The scariest man in movies right now might be Tom Hardy.
I first encountered him as the charming Eames in Inception, but have since caught his performance as England’s most notorious prisoner in Bronson. Now, in Warrior, he plays Tommy, a maniacal Iraq War veteran trying to take out his anger against his estranged family in the fighting ring. This becomes somewhat easier when he enters a mixed martial arts tournament against his brother Brendan (Joel Edgerton), who has put his own life on the line in order to keep his home from going into foreclosure.
It isn’t just that these are violent roles Hardy has been playing. It’s the absolute ferocity with which he occupies them. The man somehow makes his sinews seethe. If I were Christian Bale – who will appear opposite Hardy’s villainous Bane in next summer’s The Dark Knight Rises – I’d be very, very frightened.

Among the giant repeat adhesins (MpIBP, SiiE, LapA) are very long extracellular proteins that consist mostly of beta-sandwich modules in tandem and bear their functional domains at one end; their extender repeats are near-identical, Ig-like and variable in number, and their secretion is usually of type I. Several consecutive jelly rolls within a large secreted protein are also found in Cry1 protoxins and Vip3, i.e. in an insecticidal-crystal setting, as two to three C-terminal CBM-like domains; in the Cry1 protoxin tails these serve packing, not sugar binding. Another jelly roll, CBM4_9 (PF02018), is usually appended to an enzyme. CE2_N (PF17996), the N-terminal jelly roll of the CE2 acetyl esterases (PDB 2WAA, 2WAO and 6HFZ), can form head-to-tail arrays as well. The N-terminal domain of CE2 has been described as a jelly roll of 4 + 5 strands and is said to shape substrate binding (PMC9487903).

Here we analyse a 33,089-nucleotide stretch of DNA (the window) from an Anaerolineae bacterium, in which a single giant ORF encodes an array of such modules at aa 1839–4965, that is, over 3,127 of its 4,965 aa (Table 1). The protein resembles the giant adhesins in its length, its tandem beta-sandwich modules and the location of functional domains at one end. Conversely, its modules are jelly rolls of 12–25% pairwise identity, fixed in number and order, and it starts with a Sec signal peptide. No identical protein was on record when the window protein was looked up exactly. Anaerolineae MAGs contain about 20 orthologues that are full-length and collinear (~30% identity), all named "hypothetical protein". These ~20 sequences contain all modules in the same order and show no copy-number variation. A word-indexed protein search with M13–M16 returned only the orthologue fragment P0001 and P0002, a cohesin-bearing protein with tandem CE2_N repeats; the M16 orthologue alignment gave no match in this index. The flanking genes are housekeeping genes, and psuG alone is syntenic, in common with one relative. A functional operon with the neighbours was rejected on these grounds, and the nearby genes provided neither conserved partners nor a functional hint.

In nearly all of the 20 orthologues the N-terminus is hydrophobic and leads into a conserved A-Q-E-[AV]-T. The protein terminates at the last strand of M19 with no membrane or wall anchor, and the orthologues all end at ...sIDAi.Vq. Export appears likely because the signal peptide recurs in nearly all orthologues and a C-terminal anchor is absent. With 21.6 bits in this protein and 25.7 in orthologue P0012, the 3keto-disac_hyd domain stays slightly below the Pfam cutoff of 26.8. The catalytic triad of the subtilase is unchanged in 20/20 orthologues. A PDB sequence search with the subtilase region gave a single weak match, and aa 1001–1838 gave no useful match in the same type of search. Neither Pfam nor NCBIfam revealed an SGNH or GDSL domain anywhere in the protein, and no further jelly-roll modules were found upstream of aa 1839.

Warrior is a familiar variation on the Rocky and Karate Kid story lines, with a dose of The Fighter-style family dynamics for good measure. Yet there is a reason, aside from Hardy, why the movie rises above such a description. Both Tommy and Brendan have been reduced to this savage state partly because of larger-than-life obstacles that are particular to our time: the Iraq War, the failing economy. And so the final match, though conventionally structured and geared for inspiration, also carries the tinge of tragedy. As Tommy and Brendan pummel each other, Warrior seems less a celebration of tough-guy heroes than a lament for what two brothers have become.